Girls Just Wanna Be Mean

Girls Who Bully

Medically Reviewed by Charlotte E. Grayson Mathis, MD on August 26, 2002
4 min read

"They made it seem like something good, like an invitation or something," she says. "They were smiling. I opened it and it was written in all different colors of inks and handwriting, saying we don't want to be your friend, don't look at us, don't call us, don't come near us. Everyone put it a different way -- they all wrote it."

It still hurts like fire to remember the incident. "Sticks and stones can hurt for a lifetime," nods Phyllis Chesler, MD, a retired professor of psychology at City University in New York and author of Woman's Inhumanity to Woman.

Time was, the word bully applied to boys who stole lunch money from their weaker classmates. But increasingly, researchers are finding that girls are becoming frighteningly adept at "relational aggression." This is the term professionals use to describe the Byzantine ways girls use gossip, innuendo, social leverage, and court intrigue as ruthless as the Medici for entertainment and social advantage. The kids call it "outcasting."

According to a report titled "Hostile Hallways" issued by the American Association of University Women, 76% of students have experienced non-physical harassment and 58% have experienced the physical variety. This treatment can even push students to suicide in extreme cases. There has been at least one case in Canada. On the reverse side, in a study in Scandinavia, 60% of those classified as bullies went on to collect at least one criminal conviction.

Are female bullies disadvantaged losers trying to boost their self-esteem? Quite the contrary, according to Rosalind Wiseman, author of Queen Bees and Wannabes: Helping Your Daughter Survive Cliques, Gossip, Boyfriends, and Other Realities of Adolescence and founder of The Empower Program, a 13-year-old organization to help boys and girls defend themselves. "Often it's girls with high self-esteem who are mean to others," Wiseman says.

"It's the cute, popular girls who do this," Kelsey agrees. "They do it because they can, not because they need to."

Chesler says it may be that the outcast girl is different in some way, maybe even because she was elected to class office or made cheerleader. "She won't have time to emotionally groom the others, so she's out." Not being able to afford the "in" designers or shoes can tarnish a girl. "There are so many rules in school, unwritten rules, anyone is bound to break some. It's easy to make a mistake," Wiseman says.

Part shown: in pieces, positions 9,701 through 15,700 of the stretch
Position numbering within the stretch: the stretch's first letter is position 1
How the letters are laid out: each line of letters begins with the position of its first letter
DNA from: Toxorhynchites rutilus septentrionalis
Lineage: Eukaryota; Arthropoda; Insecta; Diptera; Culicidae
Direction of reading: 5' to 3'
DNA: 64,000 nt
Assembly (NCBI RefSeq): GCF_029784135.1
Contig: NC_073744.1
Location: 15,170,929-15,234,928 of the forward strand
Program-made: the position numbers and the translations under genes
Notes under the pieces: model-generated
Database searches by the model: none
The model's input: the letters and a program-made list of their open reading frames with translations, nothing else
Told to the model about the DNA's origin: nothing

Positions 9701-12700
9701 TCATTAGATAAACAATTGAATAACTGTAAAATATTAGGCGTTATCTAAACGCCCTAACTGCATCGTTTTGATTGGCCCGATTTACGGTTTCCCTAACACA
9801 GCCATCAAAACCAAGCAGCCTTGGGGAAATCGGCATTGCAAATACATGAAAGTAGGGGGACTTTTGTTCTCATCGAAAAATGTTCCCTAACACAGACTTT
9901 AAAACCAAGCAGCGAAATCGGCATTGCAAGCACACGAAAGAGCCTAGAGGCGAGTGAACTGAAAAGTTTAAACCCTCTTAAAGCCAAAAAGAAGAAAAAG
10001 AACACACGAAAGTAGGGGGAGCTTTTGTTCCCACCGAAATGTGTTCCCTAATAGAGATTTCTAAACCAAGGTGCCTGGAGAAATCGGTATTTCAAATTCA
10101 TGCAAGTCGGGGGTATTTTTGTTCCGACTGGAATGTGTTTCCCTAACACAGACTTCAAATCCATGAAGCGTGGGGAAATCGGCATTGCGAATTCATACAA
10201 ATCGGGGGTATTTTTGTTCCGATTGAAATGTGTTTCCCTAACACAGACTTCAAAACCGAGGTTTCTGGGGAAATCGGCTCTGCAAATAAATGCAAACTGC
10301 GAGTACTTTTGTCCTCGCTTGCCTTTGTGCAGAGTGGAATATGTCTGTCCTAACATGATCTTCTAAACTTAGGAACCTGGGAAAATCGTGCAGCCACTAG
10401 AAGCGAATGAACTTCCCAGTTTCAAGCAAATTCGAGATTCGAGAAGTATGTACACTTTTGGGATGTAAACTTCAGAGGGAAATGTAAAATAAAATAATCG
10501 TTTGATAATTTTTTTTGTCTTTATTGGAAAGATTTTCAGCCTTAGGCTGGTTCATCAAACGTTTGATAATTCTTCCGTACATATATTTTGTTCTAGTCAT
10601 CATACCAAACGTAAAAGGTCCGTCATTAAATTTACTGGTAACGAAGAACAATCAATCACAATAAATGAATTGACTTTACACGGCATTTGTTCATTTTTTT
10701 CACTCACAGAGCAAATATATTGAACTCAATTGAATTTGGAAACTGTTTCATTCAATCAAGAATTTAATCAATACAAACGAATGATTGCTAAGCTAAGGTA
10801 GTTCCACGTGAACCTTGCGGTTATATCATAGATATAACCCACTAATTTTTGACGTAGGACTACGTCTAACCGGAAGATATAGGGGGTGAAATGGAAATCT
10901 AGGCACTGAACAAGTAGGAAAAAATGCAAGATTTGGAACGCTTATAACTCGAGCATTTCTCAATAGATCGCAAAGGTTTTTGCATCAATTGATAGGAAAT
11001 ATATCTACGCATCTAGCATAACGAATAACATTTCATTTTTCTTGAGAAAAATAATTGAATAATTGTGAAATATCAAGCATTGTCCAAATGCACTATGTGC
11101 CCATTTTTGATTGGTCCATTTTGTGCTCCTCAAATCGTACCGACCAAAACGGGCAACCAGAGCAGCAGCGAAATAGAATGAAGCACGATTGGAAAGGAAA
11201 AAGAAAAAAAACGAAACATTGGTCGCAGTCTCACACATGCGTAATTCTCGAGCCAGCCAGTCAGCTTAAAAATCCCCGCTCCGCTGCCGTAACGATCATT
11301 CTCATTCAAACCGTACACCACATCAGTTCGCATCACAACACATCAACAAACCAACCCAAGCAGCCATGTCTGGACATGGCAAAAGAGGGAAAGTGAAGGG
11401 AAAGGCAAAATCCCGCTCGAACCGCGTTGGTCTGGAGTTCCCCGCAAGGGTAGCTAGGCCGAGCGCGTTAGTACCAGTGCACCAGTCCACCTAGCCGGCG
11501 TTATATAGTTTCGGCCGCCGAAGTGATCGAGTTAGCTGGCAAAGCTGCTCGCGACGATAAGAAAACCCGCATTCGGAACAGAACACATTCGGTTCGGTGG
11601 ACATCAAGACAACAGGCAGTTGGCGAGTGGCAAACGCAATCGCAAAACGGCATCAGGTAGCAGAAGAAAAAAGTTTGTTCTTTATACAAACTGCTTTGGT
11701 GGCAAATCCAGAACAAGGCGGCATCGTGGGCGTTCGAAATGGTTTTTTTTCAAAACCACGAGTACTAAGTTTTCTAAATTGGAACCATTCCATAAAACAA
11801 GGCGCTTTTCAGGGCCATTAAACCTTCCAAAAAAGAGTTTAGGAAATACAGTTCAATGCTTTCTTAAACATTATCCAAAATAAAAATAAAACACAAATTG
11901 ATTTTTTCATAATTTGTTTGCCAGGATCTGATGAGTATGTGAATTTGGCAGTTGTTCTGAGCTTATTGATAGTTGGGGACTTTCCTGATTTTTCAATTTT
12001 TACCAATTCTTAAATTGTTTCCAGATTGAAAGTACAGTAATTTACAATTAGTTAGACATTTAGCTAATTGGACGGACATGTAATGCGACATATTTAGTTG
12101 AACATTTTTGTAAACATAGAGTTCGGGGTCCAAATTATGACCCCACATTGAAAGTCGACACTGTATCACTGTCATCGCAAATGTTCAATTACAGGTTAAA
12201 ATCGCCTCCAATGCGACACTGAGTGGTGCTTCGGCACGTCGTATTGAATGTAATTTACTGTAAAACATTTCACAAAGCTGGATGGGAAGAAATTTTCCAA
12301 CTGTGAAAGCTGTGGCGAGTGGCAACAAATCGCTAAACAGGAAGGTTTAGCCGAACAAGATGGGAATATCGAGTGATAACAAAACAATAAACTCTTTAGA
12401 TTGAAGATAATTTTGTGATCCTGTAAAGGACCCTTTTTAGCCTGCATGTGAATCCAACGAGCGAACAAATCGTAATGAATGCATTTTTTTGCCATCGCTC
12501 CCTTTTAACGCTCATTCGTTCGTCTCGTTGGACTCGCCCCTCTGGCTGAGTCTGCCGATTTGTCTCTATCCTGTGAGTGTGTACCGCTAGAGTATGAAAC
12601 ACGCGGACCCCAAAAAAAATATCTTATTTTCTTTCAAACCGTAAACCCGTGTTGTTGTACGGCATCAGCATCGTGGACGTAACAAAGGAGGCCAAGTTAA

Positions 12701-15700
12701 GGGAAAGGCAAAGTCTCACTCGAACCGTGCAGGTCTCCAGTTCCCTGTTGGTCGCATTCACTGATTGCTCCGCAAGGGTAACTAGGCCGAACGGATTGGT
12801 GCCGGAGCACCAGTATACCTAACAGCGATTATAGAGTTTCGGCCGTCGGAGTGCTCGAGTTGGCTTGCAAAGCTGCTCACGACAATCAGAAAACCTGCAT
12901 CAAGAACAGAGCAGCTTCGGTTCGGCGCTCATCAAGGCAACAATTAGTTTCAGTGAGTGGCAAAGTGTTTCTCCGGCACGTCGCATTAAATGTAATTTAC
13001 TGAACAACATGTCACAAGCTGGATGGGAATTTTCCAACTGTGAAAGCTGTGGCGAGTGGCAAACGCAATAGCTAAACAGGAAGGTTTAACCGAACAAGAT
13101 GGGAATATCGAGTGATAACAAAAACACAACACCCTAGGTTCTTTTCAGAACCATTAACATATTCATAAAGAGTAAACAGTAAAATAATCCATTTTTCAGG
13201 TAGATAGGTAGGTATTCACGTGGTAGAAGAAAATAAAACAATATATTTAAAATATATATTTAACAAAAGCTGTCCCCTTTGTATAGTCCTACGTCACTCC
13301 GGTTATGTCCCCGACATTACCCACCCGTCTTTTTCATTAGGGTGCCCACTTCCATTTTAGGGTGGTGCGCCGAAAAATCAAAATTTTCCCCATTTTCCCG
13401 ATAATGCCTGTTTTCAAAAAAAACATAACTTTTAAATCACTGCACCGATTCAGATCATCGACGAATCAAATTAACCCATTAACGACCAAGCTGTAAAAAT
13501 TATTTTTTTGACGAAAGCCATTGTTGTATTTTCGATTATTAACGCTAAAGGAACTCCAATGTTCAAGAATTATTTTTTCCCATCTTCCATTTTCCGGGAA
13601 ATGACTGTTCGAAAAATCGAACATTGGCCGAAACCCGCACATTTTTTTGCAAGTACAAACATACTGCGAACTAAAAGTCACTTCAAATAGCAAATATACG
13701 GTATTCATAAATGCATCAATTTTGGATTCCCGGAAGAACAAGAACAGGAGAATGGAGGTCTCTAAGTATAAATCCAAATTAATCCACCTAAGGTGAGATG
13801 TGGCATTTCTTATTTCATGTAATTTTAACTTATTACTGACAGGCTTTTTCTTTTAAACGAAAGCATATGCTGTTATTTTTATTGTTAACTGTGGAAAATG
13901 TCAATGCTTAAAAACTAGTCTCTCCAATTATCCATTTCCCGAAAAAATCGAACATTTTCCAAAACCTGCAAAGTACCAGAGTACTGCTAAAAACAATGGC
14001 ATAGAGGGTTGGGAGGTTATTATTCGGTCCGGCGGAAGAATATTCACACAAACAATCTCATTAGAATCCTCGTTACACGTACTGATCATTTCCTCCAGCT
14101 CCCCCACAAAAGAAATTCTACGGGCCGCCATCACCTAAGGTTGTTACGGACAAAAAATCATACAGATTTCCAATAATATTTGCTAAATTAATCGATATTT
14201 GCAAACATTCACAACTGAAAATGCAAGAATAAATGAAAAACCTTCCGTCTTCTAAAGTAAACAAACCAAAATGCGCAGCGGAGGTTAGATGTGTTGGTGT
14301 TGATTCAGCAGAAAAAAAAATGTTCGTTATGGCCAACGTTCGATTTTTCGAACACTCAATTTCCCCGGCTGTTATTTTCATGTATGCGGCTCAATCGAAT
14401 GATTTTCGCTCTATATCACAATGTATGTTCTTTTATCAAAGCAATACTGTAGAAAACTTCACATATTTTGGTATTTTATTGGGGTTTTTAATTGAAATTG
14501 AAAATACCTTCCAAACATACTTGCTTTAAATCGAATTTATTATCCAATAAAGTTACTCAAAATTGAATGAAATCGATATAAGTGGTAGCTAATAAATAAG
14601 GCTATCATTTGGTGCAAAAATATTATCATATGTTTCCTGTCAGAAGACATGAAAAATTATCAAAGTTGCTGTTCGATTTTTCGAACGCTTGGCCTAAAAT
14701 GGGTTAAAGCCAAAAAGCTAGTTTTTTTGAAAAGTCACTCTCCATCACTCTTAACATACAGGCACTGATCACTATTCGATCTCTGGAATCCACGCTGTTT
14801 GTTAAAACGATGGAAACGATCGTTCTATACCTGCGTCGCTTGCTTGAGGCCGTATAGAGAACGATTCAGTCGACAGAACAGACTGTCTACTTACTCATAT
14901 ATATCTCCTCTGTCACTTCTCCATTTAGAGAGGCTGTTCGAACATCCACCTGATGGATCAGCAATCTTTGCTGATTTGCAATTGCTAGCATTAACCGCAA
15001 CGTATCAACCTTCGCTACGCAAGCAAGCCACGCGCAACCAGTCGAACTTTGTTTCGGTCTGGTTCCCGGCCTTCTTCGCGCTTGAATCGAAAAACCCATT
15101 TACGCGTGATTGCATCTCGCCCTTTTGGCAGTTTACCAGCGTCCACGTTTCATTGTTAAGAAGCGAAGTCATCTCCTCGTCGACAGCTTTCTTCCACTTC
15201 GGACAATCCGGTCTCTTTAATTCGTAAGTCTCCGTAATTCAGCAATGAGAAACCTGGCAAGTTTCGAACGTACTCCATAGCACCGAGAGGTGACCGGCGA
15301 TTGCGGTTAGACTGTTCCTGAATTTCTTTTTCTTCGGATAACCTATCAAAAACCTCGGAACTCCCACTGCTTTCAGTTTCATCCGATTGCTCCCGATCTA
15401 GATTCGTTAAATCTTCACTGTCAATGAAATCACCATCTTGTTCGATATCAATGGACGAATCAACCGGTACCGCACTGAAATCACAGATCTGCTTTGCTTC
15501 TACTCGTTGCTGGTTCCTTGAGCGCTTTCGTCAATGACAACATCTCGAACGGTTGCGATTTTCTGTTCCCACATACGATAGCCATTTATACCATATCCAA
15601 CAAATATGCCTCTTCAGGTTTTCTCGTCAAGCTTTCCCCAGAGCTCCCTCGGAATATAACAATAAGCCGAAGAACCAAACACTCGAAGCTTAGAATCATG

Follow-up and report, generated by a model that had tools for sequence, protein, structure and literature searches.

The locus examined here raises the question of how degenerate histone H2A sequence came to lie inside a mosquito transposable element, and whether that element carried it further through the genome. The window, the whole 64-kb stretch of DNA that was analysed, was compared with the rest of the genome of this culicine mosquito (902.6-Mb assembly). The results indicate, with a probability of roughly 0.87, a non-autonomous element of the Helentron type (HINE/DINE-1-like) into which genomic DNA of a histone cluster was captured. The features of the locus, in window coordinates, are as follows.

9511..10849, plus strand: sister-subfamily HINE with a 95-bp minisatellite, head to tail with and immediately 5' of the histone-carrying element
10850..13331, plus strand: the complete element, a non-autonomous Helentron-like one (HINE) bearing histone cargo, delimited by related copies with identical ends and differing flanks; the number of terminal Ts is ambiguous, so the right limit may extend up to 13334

"If a girl is being bullied and no one is speaking to her, she may ask a friend, 'Are you mad?' and the friend will say no, though clearly something is wrong," says Wiseman.

How did Kelsey finally make it through school? "I sort of walked in between," she says. "I was friends with the geeks, skaters, gangsters, stoners, jocks, and those background people. You know -- the ones you see in class but don't know."

Hey, mom and dad, did you know all this was going on? And school is just starting!

According to Wiseman, many parents never learn the bullying is going on. Their kids may simply become quiet or depressed or refuse to go to school. Others think kids need to work these situations out for themselves.

Chesler suggests parents warn girls ahead of time that this could happen -- and probably will. "Kids need to know this can break their heart, but it isn't their fault, they didn't do anything wrong."

Jean Spaulding, MD, a professor of psychiatry at Duke University in Durham, N.C., suggests parents talk with their daughters alone in the car. "Ask about specific friends," she suggests. "'How's Molly these days? What's Sarah up to?" See how the child reacts. If she says, 'Molly's mean,' Molly may be bullying your child."

If this happens, network with other parents, Spaulding urges. Then, go to the school, the teacher, and the counselor to see if this can be handled. Maybe role-playing in class. "Teachers cannot allow this to go on," Spaulding says.

In Kelsey's case, she was crying in the bathroom and her religion teacher came in, put an arm around her, and slipped a tightly folded note into her hand. Later, she opened it: "The whole world is not against you," it read, signed with a smiley face. "I still have that note," Kelsey says.

On the reverse, your child may be doing the bullying. Wiseman also suggests keeping an ear open in the car. Some warning signs your child may be relationally aggressive:

  • Having a party and wanting to exclude certain kids.
  • Negative comments, "She's lame."
  • Gossiping about a girl who's not present. "Those shoes!"
  • A friend is no longer mentioned or calls.

"If a parent comes to you and says your child is being a bully," Spaulding says, "check out the story at school before talking to the child. Then say, 'They told me at school that you have been having arguments with other girls. What's that all about?'" Most of these bullying girls who do it for sport need counseling, Spaulding adds.

"It's a great chance to make an ethical point in a context the child will understand," Wiseman says. "Don't you want to raise an ethical child?"